class explored the value of design thinking and design inquiry beyond the traditional bounds of practice.” —Sara Queen

The group who chose ant architecture, for example, decided to look at the correlation of how ants build nests and how humans build cities with the hope of finding potential inspiration for larger design challenges of density. Ants do not use a blueprint when building, and students

Amazingly, the findings from this exercise opened up a broader understanding of ants. Up until now, research on ant nests has been done species-byspecies; however, this casting suggests that scientists should also highly consider environmental factors in nest design and form. This, again, is another interesting finding that will benefit researchers as they move forward. For Lisa Wong [BGD ’17], who participated in this course, “the interdisciplinary nature is what originally interested me, and it was a great way to become aware of other disciplines to broaden my horizons and open my mind to understand how others think.” Wong would encourage any students to consider taking this course and admits, “It was so much fun; even though it was a lot of work, it led to so many possibilities.”

What started as an experimental course has led to valuable advances for Smith, Penick, and other ant scientists, as each of the student groups uncovered untapped areas of fertile discovery. “What was really awesome is that all the questions by students were legitimately novel questions—for these ant scientists. The students jumped in 31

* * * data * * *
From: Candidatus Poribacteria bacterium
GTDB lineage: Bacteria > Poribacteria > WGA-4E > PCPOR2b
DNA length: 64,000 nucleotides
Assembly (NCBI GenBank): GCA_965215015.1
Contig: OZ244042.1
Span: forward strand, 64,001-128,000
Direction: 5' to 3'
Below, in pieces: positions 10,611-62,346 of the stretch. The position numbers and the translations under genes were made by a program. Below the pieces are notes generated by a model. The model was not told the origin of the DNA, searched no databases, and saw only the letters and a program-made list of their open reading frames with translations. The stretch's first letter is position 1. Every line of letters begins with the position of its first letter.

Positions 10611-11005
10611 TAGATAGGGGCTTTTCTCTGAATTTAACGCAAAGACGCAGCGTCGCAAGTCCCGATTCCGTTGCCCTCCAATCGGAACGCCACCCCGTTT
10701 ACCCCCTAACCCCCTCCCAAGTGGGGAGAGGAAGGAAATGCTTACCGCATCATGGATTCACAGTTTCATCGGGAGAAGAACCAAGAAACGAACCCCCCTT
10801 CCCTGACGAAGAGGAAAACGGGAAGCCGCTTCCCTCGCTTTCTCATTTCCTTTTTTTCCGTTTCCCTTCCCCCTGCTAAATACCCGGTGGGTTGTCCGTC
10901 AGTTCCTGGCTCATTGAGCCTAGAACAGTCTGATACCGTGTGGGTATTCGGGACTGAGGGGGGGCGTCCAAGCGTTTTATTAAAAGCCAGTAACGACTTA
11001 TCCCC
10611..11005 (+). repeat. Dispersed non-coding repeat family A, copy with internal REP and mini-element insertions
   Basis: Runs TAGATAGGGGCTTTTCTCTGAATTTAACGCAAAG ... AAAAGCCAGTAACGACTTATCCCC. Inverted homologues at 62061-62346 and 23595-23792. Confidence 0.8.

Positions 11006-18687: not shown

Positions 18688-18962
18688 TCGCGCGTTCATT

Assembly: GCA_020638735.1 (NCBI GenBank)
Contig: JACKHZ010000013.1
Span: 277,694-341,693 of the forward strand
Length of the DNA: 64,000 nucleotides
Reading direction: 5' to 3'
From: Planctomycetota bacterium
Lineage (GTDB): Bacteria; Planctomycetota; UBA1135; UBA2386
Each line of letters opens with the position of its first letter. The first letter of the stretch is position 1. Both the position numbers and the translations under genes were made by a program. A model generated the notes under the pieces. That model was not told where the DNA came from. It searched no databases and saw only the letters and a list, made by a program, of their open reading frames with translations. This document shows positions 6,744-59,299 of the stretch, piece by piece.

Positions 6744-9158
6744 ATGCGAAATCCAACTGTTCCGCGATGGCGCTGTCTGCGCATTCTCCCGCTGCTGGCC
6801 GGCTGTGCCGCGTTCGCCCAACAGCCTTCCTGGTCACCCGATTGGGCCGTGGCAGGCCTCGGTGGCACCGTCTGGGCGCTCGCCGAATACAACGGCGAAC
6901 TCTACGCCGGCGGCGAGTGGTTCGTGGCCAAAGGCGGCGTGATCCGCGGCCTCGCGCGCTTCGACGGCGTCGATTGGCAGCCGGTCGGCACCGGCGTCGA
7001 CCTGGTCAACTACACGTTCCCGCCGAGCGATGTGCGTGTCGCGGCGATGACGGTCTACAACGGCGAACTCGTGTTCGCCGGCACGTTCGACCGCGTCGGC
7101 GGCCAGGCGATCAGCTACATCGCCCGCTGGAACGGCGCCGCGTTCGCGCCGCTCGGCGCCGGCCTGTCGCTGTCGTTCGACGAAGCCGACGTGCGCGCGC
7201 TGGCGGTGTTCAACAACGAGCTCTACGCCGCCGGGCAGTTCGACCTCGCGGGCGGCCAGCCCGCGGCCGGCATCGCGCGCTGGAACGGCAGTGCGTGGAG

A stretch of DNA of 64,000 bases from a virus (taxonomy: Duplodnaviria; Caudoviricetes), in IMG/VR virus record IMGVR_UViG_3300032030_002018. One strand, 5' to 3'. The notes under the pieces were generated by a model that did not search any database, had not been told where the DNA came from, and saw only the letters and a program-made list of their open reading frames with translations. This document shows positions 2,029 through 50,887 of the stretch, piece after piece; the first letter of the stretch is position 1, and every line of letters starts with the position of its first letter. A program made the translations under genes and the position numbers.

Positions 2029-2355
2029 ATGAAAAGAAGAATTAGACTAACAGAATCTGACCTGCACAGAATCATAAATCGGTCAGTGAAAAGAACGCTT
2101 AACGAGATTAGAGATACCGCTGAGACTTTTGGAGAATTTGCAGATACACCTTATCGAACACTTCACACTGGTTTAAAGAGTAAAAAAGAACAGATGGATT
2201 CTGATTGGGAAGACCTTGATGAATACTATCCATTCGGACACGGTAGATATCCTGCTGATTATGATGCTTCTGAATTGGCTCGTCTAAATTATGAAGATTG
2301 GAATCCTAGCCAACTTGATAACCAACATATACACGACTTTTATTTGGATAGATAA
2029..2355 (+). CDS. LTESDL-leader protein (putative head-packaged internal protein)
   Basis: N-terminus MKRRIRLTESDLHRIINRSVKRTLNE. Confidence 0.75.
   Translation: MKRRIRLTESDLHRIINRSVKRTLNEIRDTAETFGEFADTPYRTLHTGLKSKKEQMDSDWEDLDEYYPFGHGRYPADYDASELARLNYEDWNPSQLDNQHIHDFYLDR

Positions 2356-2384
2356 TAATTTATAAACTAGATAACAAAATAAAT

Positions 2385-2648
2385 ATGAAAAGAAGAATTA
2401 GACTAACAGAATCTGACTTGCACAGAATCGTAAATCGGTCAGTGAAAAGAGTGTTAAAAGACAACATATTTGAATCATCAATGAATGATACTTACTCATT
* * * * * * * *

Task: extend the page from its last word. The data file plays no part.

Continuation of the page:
quickly to question everything, something that, as designers, is encouraged. Over and over again, the students were working on questions that were on the edge of the field of known biological research,” Queen emphasizes. “The work wasn’t just done in isolation—it has changed the way Adrian and Clint are doing research in their labs.” Another valuable outcome of this course was the opportunity for students to present their findings at the Science Café in early May. This public forum is an informational series for researchers and other experts to share topics related

to natural sciences. The weekly event takes place in the Daily Planet Café, which is housed in the NCMNS. Students presented their projects to a large audience that led to interesting discourse. “I think that the class explored the value of design thinking and design inquiry beyond the traditional bounds of practice,” shares Queen. And as a result, they learned quite a lot. “It is important for our students to understand how to work in interdisciplinary teams with different languages and processes—and collaborate for novel and transformative outcomes.”

New Leadership The College of Design is proud to have David Hill at the helm as he leads the School of Architecture into a bright future. This summer, Professor David Hill, AIA, was officially appointed as full-time Head of the School of Architecture. The appointment followed an internal search in which the School faculty unanimously recommended the change from interim to full-time appointment. “The School of Architecture at NC State is well positioned to bring new vision and innovation to architectural education,” said Hill. “The school has a legacy of student success and excellence in design, research, and community engagement. We have gifted and dedicated faculty members, and our connections to professionals in the practice are strong. I am deeply honored, as an alumnus of the program, to have the opportunity to oversee the school’s future growth.” “David couples energetic and collegial leadership with passion about design excellence and architecture’s role in creating a vibrant civilization,” Dean Mark E. Hoversten said in the annoucement. “I look forward to working closely with him as we move the College to the next level of outstanding design education.” Hill has led graduate and undergraduate design studios, digital representation courses, and seminars that focus on integrative digital simulation processes, architectural prototypes, and design strategies for coastal regions. 32